Tiler Peck teaching a CLI class. Photo by Quinn Wharton, courtesy CLI
Whether you're learning a new style, warming up for a performance or just want to take class when you can't make it to the studio, online dance training platforms are an ever-growing option for dancers of all genres and skill levels. And though they should never replace your live training, they can be a convenient—and hopefully valuable—supplement. Here are the best options available today:
Modern class at Dance Prix de New York's precursor, Indianapolis International Ballet Competition. Photo by Natalie Lowder, courtesy DPNY
Ever dreamed of dancing in the companies of modern or post-modern dance giants like José Limón, Paul Taylor or Trisha Brown? Then it might be time to enter a dance competition.
Yes, you read that right.
Probably the last genre of dance you'd ever expect there to be a competition for now has its own track at the Dance Prix de New York.
The competition debuts this March, led by Seán Curran, chair of New York University's Tisch Dance department and Jolinda Menendez, a former American Ballet Theatre dancer who now teaches at Tisch (where all the rounds take place). There's both a classical and a contemporary track—although the "contemporary" category isn't what you'd usually expect to see when you hear that word at competitions. Rather than tilts or round offs, the focus will be placed on more subtle modes of movement.
Heavy backpacks and hilly campuses can wear on a college dancer's body. Photo via Thinkstock
College can be hard on the body. Between late-night rehearsals, carrying backpacks around hilly campuses and long, sedentary study sessions, it's tough for dancers to give their bodies the care they need to prevent injury.
Here are the most common reasons college students get injured—and our top tips for prevention.
STEEZY's web player has options for tempo and viewpoint. Photo by Sam Caudle, courtesy STEEZY
Dance technology has come a long way from ballet variations painstakingly learned by watching fuzzy VHS tapes. Over the last few years, a dizzying number of online training programs have cropped up, offering the chance to take class in contemporary, jazz, ballet, tap, hip hop and even ballroom from the comfort of your own living room or studio.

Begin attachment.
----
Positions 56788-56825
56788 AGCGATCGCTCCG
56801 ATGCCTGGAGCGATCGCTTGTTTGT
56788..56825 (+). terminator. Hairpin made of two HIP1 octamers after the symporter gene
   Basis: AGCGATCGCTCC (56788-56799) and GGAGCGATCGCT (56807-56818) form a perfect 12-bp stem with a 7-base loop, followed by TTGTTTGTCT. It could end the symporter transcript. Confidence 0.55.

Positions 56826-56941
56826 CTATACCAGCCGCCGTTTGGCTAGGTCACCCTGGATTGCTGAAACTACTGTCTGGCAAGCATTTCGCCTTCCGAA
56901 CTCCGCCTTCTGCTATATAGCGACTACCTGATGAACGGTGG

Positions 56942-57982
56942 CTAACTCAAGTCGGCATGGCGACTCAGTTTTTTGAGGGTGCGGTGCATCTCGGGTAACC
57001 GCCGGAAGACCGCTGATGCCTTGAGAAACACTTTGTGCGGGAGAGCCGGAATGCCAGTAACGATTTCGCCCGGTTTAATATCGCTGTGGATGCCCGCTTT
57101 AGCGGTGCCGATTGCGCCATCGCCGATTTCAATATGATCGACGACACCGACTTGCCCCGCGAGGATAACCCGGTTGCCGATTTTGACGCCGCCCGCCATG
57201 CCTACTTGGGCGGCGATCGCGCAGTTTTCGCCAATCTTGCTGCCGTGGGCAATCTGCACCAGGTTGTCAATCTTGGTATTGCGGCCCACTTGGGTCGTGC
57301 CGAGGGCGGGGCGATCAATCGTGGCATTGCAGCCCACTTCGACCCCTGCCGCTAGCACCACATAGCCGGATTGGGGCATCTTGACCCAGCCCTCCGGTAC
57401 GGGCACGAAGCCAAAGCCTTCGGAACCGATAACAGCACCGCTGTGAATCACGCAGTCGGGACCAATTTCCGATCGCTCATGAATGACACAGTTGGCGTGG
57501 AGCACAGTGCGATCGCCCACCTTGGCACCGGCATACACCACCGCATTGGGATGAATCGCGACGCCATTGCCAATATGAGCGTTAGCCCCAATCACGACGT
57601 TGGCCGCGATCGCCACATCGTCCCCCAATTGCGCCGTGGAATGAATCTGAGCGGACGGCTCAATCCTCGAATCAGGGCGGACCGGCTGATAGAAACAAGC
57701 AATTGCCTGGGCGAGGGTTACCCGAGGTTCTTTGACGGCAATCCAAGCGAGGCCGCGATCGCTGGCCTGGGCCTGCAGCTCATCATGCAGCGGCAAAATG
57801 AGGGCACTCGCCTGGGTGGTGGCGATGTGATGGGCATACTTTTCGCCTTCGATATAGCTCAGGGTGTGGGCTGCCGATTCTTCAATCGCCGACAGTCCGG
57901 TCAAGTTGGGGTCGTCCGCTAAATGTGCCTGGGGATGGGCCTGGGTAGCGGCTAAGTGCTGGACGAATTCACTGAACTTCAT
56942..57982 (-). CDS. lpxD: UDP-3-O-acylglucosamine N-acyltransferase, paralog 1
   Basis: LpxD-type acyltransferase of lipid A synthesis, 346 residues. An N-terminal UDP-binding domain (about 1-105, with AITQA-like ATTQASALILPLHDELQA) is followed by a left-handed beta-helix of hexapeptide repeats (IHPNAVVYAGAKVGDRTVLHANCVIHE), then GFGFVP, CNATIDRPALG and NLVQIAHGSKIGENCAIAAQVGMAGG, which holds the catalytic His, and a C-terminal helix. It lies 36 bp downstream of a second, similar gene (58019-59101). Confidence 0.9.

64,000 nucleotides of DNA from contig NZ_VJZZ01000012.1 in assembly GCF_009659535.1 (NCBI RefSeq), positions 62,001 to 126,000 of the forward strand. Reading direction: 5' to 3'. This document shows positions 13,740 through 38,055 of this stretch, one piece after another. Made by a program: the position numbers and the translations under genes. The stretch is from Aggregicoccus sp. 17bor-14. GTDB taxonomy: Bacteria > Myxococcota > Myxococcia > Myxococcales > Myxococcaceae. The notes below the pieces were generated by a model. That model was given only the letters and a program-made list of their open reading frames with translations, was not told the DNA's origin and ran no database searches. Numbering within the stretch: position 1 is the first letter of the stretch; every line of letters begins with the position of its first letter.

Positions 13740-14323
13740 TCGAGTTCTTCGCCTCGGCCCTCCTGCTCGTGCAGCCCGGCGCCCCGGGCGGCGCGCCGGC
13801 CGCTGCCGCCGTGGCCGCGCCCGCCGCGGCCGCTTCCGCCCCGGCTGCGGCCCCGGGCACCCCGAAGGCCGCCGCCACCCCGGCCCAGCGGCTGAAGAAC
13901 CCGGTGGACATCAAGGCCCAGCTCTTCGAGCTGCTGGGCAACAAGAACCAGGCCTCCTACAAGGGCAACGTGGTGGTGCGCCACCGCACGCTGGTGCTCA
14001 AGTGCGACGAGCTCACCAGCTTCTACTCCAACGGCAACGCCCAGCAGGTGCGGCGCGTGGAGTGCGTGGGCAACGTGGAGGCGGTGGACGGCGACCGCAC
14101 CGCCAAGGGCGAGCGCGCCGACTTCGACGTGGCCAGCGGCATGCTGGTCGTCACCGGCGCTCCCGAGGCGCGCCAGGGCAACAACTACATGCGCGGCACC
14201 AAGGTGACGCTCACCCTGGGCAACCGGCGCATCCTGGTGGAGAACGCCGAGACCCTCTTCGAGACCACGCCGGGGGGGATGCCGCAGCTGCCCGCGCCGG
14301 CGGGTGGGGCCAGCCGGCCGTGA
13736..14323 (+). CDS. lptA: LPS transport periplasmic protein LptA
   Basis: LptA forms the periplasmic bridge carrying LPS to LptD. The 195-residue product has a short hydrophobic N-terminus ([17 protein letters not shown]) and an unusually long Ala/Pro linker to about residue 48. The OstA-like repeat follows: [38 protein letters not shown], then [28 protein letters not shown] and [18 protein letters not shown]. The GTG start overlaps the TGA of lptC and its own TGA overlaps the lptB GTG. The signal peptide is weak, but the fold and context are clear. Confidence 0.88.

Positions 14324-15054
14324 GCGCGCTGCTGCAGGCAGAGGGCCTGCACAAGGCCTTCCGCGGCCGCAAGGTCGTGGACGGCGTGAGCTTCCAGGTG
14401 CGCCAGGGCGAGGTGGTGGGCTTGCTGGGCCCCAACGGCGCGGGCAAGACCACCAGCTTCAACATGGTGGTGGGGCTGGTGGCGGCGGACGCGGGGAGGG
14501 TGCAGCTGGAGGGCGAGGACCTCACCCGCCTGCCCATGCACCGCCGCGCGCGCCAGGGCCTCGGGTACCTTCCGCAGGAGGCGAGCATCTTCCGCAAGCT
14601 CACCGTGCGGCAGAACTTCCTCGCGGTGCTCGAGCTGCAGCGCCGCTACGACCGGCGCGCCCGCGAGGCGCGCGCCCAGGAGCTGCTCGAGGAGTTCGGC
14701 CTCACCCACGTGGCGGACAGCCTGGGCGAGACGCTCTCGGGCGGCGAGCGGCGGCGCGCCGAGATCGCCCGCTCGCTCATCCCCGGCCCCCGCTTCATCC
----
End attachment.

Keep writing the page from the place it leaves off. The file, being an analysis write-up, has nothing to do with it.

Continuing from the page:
Assisting gave Eliah Furlong taste of the professional dance world. Photo by Beau Austin, courtesy Furlong
Adding another commitment to your already busy schedule may be the last thing you want to do as a college student. But assisting at dance conventions can offer valuable experiences you won't find in a classroom. Convention assistants help students pick up choreography and rub shoulders with industry influencers. For some, it's the perfect addition to their college experience—but balancing the demands of both isn't easy.
Students from Dance Institute in Austin, TX. Evolve Photo & Video
When you're dancing in an ensemble, it can be easy to feel like a cog in the machine. Instead of lamenting your lack of spotlight, look for ways to embrace being part of something larger. Over your dance career, you'll likely spend far more time performing with others than flying solo. Group work doesn't only teach you skills like timing and spatial awareness—it can also build your artistry.
A panel at Youth America Grand Prix. Photo by Rachel Papo for Pointe
At competitions, the people who are scoring you can be the biggest industry leaders in the room. But is there a way to network with them with these judges? Three top competition judges share their advice on how to do it in the most strategic way—and the pet peeves that turn them off.
Staring down the audience can be a powerful choice when appropriate. Photo by Soho Images, "Nebula" choreographed by Maria Konrad courtesy Next Generation Dance